Students need constant reminders to show appropriate units.  When I whiteout the unit line it’s interesting which students automatically write down the correct units and those that leave it blank.  Lately I’ve been bringing out the base-ten blocks to show the difference between linear measurements, area, and volume.  Students tend to not have any issues with telling the difference at that time, but when concentrating on formulas, the units are sometimes omitted.  I’m currently looking at different ways for students to show their understanding of the differences between square and cubic units.  I don’t want to heavily focus on this, but I’m noticing it as more of a student afterthought than something that they think of while answer a question.

• Find the lengths of a side or the circumference with volume is given

Students seem to be efficient when trying to find the volume of prisms and cylinders.  When given the measurements of each side, students tend to perform the calculations correctly.  It’s a bit of a different story when students are given the volume and are asked to find other dimensions.  Some students rock this and do well, others not so much.  The class reviewed these types of problems by using a variable for the missing side or circumference.  We then created a few different steps that can be taken when tackling these types of problems.  I’d say the majority of issues with this specific problem came when students were given the volume of a cylinder or cone and needed to find the volume.  This is something that the class is still reviewing.

• Remember that in r^2 actually means r * r and not r * 2

I’m going to chalk this up to not having enough practice with exponents.  At this level, students have used exponents, but more so to show Scientific notation.  When students hear “to the second power”, some hear that the word second and just multiply the radius by two.  Some students also problematically use the diameter and call it the radius.  Digging deeper into this issue has also revealed that some students aren’t using the Order of Operations to solve for volume.  Next week I’m planning on co-creating an anchor chart to address this.  Also, Pi Day (3/14/18)  is coming up soon and the class will definitely address the vocabulary and formulas associated with that soon.

These three issues have come up fairly consistently during the past week.  I’m looking forward to addressing them next week, but also having the students become more aware of what fixable mistakes exist so we can be more proactive. I’m also looking into having students create a culminating volume activity.  Putting that together is in my plans for tomorrow.

## Area and Volume Skills

My fourth grade students finished up a unit on volume about a month ago.  This past week I gave the same group a cumulative assessment on the first two units.  After grading the assessment I started to notice trends.  Many students had issues with converting square units to cubic units.  Students also mislabeled units related to measurement.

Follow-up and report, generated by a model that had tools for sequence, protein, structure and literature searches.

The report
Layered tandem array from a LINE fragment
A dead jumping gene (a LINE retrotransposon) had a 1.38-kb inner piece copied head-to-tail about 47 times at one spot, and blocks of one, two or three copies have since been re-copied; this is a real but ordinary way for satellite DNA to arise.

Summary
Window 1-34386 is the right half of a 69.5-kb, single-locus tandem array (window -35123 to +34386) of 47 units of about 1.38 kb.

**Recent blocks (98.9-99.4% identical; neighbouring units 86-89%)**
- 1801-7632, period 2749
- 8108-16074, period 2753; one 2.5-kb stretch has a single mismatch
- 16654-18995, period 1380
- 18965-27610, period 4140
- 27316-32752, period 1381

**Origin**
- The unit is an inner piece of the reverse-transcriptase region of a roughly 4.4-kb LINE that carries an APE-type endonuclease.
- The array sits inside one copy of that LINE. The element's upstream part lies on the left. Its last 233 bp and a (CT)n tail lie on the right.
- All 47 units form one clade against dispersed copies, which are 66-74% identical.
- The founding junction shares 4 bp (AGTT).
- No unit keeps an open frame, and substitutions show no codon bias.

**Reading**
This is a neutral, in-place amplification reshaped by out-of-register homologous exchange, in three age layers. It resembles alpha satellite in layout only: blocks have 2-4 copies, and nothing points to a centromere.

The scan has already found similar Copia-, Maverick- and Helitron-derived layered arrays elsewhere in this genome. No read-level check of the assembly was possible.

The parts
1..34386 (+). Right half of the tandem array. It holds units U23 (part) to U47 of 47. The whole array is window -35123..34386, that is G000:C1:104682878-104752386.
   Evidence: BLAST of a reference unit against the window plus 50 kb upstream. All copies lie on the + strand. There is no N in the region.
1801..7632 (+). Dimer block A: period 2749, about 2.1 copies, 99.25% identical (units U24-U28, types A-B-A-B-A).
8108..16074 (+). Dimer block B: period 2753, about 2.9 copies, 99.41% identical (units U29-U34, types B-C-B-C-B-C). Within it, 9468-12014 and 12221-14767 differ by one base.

This is my first year using a new version of a district-adopoted math resource.  This year’s scope-and-sequence had students encountering area first and then volume was discussed in a completely separate part of the unit.  I believe that isolation made students think that problems in the different sections were either 1) related to area or 2) related to volume.  The assessments that I graded indicated that students needed some bolstering in applying area and volume.  Combining them would be a bonus.

Early this week I came across Graham’s Tweet about test questions.

I clicked on the article and found some amazing questions.  I definitely geeked out after trying out a few. These types of  questions made me think beyond one math skill or idea and I thought it would move students in that direction too.  I decided to use the area question with my students.

You see, in the past students have been given the length, width, and height, and then asked to use a formula (often given to them) to find the volume.   In this case, students were given the area and had to use that to find the side lengths.  This type of task in Graham’s Tweet was definitely different problem for them.

I gave each student a copy of the sheet and had them work on it individually for about 10 minutes.  Students initially thought of adding all the area sides together, but then they realized that adding them wouldn’t help in the process.  I redirected students to look at what the question is asking.  There were a few minutes of frusturation as students were looking for ways to find the length, width, and height.

Students were then put in groups to work out the problem.  Eventually, students started to think of factors as they started to investigate numbers that  work for the length.  Some went the route of using a factor rainbow, while others used a trial-and-error method.

More frustration ensued, but students still moved forward.  A few groups were confident that they had a solution.  I briefly looked over all the responses and saw that no one had the correct answer, but I pokerfaced it and had the students work it out at home.  That evening some of the students tackled the problem and came back with a solution.  I was impressed with the perseverance and also how these students applied their understanding of area to find volume.